Theses on Professionalization: Kelly J. Baker


In this series with the Bulletin, we have asked 21 early career scholars to weigh in on Russell McCutcheon’s Theses on Professionalization, first published in 2007. In his 21 theses, McCutcheon offers advice to young scholars entering (or soon to enter) the job market, addressing the all-to-important (but often overlooked) question of professionalization. Each of the contributors in this series has been asked to comment on a single thesis, addressing its contemporary relevance, and how it relates to their own experience moving forward in the academic world. For other posts in this series, see here

by Kelly J. Baker

Thesis # 15: Having successfully defended the dissertation, the manuscript does candidates no good in their desk drawer. However, before making revisions (unless they are dissatisfied with its argument or quality), graduates should create a prospectus containing a brief cover letter, annotated table of contents, and sample chapter (e.g., the Introduction) and submit it to a select number of top tier publishers in their area of expertise. Obtaining an outside experts’ assessment of the manuscript–a step often essential to a publisher’s process of evaluation–provides the best place to begin one’s revisions of a manuscript with which one is intimately familiar and, perhaps, too closely tied.

I must confess that I found Russell McCutcheon’s theses for professionalization after I decided to take a break from the job market in 2013. I read each hastily, and I couldn’t help but wonder how his theses applied to the dismal and dire job market that left me bruised and aching. I briefly contemplated writing a rousing response to each, but the idea floated away as I adjusted to life outside of academia. I was glad to reread these theses when Matt Sheedy invited me to respond to #15 on manuscripts and publishing.

“[T]he manuscript does candidates no good in their desk drawer” is one of those statements that compels response. When I reread this sentence, I reacted by shouting “of course, it doesn’t!” This is likely not the response McCutcheon would have expected, but thesis 15 offers sound, practical advice to job candidates on turning a dissertation into a monograph. It is true that your dissertation cannot become a book without yanking it out of your desk (or from the cloud) and shaping it into manuscript worthy of peer review and press approval. Job candidates should create a prospectus, or proposal, and send it out to “top tier publishers” in their respective fields. McCutcheon further suggests finding outside readers, who can provide expertise on what your dissertation needs to become a proper book in religious studies.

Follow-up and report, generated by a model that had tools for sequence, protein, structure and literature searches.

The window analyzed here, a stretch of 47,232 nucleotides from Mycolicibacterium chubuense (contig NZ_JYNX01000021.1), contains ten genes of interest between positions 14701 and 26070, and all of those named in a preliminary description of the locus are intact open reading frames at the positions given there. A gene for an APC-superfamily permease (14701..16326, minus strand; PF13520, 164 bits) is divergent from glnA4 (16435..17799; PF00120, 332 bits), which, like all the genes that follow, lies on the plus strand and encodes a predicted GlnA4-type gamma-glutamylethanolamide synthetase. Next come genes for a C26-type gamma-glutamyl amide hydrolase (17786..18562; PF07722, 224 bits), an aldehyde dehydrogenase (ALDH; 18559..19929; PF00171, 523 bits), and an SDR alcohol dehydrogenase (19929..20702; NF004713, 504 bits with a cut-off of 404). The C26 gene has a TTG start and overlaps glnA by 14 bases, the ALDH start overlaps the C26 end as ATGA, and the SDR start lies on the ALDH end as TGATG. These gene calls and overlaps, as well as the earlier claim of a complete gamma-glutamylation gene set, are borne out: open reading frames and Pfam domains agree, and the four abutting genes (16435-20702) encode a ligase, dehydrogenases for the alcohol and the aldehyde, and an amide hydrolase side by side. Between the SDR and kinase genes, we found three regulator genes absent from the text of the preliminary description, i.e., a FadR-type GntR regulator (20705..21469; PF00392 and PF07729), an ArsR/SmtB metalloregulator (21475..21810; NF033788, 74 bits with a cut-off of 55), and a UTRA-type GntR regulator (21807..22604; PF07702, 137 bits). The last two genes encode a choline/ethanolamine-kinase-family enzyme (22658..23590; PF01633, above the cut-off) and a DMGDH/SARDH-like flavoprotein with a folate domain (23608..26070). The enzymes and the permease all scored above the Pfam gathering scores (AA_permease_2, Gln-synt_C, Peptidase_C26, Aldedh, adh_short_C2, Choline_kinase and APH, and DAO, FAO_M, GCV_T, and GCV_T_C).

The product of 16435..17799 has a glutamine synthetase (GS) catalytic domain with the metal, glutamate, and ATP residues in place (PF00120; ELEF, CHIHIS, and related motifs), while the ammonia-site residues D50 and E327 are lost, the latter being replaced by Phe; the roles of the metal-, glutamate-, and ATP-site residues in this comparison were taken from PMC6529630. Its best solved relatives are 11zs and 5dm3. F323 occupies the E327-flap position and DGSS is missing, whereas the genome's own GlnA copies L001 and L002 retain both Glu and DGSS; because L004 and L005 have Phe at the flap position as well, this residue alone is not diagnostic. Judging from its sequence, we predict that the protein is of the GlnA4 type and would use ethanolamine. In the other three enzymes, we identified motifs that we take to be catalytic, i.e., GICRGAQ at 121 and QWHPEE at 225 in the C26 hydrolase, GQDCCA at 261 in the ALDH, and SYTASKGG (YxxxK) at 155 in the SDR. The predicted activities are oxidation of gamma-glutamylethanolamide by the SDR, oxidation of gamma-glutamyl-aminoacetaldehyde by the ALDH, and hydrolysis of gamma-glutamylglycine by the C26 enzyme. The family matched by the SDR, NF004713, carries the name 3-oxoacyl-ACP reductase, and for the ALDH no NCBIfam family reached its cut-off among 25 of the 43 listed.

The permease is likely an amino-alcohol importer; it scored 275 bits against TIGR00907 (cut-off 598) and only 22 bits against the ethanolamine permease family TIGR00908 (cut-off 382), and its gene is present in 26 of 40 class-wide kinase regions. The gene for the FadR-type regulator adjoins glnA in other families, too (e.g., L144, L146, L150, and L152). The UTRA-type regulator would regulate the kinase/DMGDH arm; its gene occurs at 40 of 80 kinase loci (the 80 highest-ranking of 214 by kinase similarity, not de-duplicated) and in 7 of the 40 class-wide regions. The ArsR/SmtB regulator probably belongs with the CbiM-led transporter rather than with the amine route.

His advice is remarkably similar to the advice my advisor gave me as I was finishing my dissertation in 2008. My advisor also emphasized that our dissertations shouldn’t read like dissertations. He had me rewrite the damn thing at least four times, so it read like a monograph. This proved to be very helpful advice as much I am still loathe to admit. I sent the manuscript off to scholars who knew my general area of expertise, American religious history, but who would also be able to offer suggestions what revisions it required and which ones would make it the book that I wanted it to be.

Three presses contacted me before my dissertation was filed. My topic, the 1920s Klan, intrigued them. The editors from each had either read blog posts that I had written on the topic or noticed papers I presented at academic conferences. Another editor from a different press emailed because one of outside readers recommended my manuscript for her catalog.